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The Hidden Treasure.

LI YÜEHSHÊNG was the second son of a rich old man who used to bury his money, and who was known to his fellow townsmen as “Old Crocks.” One day the father fell sick, and summoned his sons to divide the property between them. He gave four fifths to the elder and only one fifth to the younger, saying to the latter, “It is not that I love your brother more than I love you: I have other money stored away, and when you are alone I will hand that over to you.” A few days afterwards the old man grew worse, and Yüehshêng, afraid that his father might die at any moment, seized an opportunity of seeing him alone to ask about the money that he himself was to receive. “Ah,” replied the dying man, “the sum of our joys and of our sorrows is determined by fate. You are now happy in the possession of a virtuous wife, and have no right to an increase of wealth.” For, as a matter of fact, this second son was married to a lady from the Ch‘ê family whose virtue equalled that of any of the heroines of history: hence his father’s remark. Yüehshêng, however, was not satisfied, and implored to be allowed to have the money; and at length the old man got angry and said, “You are only just turned twenty; you have known none of the trials of life, and were I to give a thousand ounces of gold, it would soon be all spent. Go! and, until you have drunk the cup of bitterness to its dregs, expect no money from me.” Now Yüehshêng was a filial son, and when his father spoke thus he did not venture to say any more, and hoped for his speedy recovery that he might have a chance of coaxing him to comply with his request. But the old man got worse and worse, and at length died; whereupon the elder brother took no trouble about the funeral ceremonies, leaving it all to the younger, who, being an openhanded fellow, made no difficulties about the expense. The latter was also fond of seeing a great deal of company at his house, and his wife often had to get three or four meals a day ready for guests; and, as her husband did very little towards looking after his affairs, and was further sponged upon by all the needy ones of the neighbourhood, they were soon reduced to a state of poverty. The elder brother helped them to keep body and soul together, but he died shortly afterwards, and this resource was cut off from them. Then, by dint of borrowing in the spring and repaying in the autumn, they still managed to exist, until at last it came to parting with their land, and they were left actually destitute. At that juncture their eldest son died, followed soon after by his mother; and Yüehshêng was left almost by himself in the world. He now married the widow of a sheep dealer, who had a little capital; and she was very strict with him, and wouldn’t let him waste time and money with his friends. One night his father appeared to him and said, “My son, you have drained your cup of bitterness to the dregs. You shall now have the money. I will bring it to you.” When Yüehshêng woke up, he thought it was merely a poor man’s dream; but the next day, while laying the foundations of a wall, he did come upon a quantity of gold. And then he knew what his father had meant by “when you are alone;” for of those about him at that time, more than half were gone.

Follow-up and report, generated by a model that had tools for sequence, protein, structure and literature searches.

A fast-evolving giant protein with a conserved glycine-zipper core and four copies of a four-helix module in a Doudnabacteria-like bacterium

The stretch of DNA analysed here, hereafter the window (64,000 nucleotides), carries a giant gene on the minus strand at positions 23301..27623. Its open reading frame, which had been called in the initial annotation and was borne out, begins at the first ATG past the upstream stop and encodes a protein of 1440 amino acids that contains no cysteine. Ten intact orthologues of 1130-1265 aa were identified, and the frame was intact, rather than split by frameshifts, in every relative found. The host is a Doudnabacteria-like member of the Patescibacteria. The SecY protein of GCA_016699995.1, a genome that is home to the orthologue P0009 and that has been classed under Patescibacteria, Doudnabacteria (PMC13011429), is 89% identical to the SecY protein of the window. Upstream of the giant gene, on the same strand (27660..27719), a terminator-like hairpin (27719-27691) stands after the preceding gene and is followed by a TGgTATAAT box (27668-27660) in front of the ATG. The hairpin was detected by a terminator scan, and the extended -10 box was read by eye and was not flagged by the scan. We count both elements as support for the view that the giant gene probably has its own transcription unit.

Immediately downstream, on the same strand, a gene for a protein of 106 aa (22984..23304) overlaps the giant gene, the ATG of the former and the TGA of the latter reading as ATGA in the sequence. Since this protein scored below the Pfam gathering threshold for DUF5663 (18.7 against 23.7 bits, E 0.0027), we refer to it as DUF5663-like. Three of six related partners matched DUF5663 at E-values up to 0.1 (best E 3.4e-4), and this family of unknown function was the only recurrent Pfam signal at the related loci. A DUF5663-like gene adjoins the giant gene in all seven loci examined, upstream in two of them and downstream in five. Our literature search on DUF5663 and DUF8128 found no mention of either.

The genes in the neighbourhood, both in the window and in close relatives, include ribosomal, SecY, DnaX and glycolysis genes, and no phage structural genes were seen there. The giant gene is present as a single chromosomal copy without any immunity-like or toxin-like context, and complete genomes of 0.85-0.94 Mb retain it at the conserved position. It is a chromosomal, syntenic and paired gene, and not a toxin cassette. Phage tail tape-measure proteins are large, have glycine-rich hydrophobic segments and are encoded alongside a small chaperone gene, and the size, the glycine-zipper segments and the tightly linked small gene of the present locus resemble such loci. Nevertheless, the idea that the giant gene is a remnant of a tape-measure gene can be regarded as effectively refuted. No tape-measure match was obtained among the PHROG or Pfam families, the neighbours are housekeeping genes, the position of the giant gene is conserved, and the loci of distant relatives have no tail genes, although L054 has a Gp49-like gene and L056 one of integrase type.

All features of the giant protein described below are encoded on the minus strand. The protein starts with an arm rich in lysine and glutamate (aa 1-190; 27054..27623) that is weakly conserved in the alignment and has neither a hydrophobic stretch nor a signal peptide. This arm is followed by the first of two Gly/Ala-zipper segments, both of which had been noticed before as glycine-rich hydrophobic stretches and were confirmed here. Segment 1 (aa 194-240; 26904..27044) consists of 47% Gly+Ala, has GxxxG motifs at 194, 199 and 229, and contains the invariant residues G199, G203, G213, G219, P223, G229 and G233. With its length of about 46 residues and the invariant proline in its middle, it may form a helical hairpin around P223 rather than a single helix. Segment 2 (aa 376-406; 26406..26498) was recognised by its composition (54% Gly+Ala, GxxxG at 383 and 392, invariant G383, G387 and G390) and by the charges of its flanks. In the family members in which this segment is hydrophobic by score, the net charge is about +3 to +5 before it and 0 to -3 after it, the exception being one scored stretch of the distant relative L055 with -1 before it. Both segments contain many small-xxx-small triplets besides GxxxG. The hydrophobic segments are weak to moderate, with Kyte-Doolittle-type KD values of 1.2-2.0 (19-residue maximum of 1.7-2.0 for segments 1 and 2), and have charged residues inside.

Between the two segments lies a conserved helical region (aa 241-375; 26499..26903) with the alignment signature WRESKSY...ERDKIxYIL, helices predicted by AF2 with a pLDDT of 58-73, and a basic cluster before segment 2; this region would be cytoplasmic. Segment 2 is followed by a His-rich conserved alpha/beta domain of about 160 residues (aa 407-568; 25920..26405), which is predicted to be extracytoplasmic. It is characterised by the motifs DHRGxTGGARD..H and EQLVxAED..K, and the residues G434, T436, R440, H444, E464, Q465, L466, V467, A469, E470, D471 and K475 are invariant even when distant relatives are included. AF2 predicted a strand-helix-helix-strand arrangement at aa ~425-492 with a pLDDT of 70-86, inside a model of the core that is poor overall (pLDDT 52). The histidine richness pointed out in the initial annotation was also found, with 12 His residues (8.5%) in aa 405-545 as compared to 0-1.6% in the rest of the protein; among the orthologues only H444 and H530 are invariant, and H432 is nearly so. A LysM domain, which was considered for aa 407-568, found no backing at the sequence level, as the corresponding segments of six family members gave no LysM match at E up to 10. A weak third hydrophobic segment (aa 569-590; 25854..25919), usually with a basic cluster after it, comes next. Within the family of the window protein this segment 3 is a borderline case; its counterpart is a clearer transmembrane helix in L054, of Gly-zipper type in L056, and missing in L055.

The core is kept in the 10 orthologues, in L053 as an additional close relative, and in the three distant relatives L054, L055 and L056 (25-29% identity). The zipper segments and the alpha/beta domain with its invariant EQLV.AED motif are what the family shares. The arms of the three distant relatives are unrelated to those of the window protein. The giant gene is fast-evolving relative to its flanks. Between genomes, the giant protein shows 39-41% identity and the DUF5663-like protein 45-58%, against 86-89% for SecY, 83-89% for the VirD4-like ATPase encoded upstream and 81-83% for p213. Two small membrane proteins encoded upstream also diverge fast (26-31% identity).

李八缸

太學李月生,升宇翁之次子也。翁最富,以缸貯金,里人稱之「八缸」。翁寢疾,呼子分金:兄八之,弟二之。月生觖望。翁曰:「我非偏有愛憎,藏有窖鏹,必待無多人時,方以畀汝,勿急也。」過數日,翁益彌留。月生慮一旦不虞,覷無人,即床頭祕訊之。翁曰:「人生苦樂,皆有定數。汝方享妻賢之福,故不宜再助多金,以增汝過。」蓋月生妻車氏,最賢,有桓、孟之德,故云。月生固哀之。怒曰:「汝尚有二十餘年坎壈未歷,即予千金,亦立盡耳。苟不至山窮水盡時,勿望給與也!」月生孝友敦篤,亦即不敢復言。無何,翁大漸,尋卒。幸兄賢,齋葬之謀,勿與校計。月生又天真爛漫,不較錙銖,且好客善飲,炊黍治具,日促妻三四作,不甚理家人生產。里中無賴窺其懦,輒魚肉之。踰數年,家漸落。窘急時,賴兄小周給,不至大困。無何,兄以老病卒,益失所助,至絕糧食。春貸秋償,田所出,登場輒盡。乃割畝為活,業益消減。又數年,妻及長子相繼殂謝,無聊益甚。尋買販羊者之妻徐,翼得其小阜;而徐性剛烈,日凌藉之,至不敢與親朋通弔慶禮。忽一夜夢父曰:「今汝所遭,可謂山窮水盡矣。嘗許汝窖金,今其可矣。」問:「何在?」曰:「明日畀汝。」醒而異之,猶謂是貧中之積想也。次日,發土葺墉,掘得巨金,始悟向言「無多人」,乃死亡將半也。
  異史氏曰:「月生,余杵臼交,為人樸誠無偽。余兄弟與交,哀樂輒相共。數年來,村隔十餘里,老死竟不相聞。余偶過其居里,因亦不敢過問之。則月生之苦況,蓋有不可明言者矣。忽聞暴得千金,不覺為之鼓舞。嗚呼!翁臨終之治命,昔習聞之,而不意其言皆讖也。抑何其神哉!」

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